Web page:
Sharing in my teacher's wedding celebration was a unique and wonderful experience.

Sharing in my teacher’s wedding celebration was a unique and wonderful experience.

 

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Buckle Up: Dr. Michael Buckley is Off to Retirement

Dr. Michael BuckleyAfter teaching as an adjunct for Fordham’s Gabelli School of Business for two years, Dr. Michael Buckley joined the faculty of Fordham University in 2003. He’s a Senior Lecturer in Economics, and teaches courses such as Financial Analysis and Global Financial Markets, which are taken by many IPED students. Before joining Fordham, Dr. Buckley worked in the private sector for twenty-five years, gaining expertise in foreign exchange, internal risk, and emerging market lending.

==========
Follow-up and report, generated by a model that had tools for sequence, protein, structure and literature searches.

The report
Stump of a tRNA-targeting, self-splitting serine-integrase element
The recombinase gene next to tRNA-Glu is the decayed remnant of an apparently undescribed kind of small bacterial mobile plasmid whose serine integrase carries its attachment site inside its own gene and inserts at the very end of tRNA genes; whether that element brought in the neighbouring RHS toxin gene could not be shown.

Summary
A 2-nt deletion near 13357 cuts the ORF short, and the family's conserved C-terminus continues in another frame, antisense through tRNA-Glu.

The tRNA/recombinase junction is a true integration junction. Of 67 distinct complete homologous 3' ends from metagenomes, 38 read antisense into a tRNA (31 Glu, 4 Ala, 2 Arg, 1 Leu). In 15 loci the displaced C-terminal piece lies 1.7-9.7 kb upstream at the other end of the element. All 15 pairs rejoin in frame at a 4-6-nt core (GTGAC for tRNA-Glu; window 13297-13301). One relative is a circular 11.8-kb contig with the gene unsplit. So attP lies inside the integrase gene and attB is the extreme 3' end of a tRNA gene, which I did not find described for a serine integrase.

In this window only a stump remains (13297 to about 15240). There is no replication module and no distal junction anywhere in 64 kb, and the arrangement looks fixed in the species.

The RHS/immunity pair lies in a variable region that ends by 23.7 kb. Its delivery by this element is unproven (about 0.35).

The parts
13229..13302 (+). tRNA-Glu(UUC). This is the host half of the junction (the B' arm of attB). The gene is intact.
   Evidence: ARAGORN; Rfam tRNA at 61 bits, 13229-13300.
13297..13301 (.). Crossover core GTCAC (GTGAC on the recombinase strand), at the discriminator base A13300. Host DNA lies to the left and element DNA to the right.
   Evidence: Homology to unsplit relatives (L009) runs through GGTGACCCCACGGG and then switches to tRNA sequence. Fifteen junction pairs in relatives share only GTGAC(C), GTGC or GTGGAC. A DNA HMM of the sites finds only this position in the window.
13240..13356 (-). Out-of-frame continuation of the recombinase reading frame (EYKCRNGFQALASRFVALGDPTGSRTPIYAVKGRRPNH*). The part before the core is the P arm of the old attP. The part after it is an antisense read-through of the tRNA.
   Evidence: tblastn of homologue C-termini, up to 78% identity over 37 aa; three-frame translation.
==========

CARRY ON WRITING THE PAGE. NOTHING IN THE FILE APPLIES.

In a recent conversation with Ms. Donna Odra (IPED ’12), Dr. Buckley discussed his time at Fordham. He described teaching with IPED as one of the many high points of his career at Fordham. In terms of what kept him here, he mentioned that the work never ceased to be interesting, as there’s always a fresh crop of students, and he could come up with new courses, or improve the one’s he already teaches. Although he will of course miss his colleagues and his students (not least of which IPED students) as he enters retirement, Dr. Buckley is very much looking forward to spending more time with his twenty-month-old grandson in Brooklyn, birding with his wife, traveling, and reading. He certainly won’t miss giving make-up exams and grading!

Join us in thanking Dr. Buckley for his significant contributions to Fordham University and in particular the IPED program. We will be celebrating Dr. Buckley on Tuesday, May 3, at 7:30pm in the Economics Conference Room, Dealy Hall.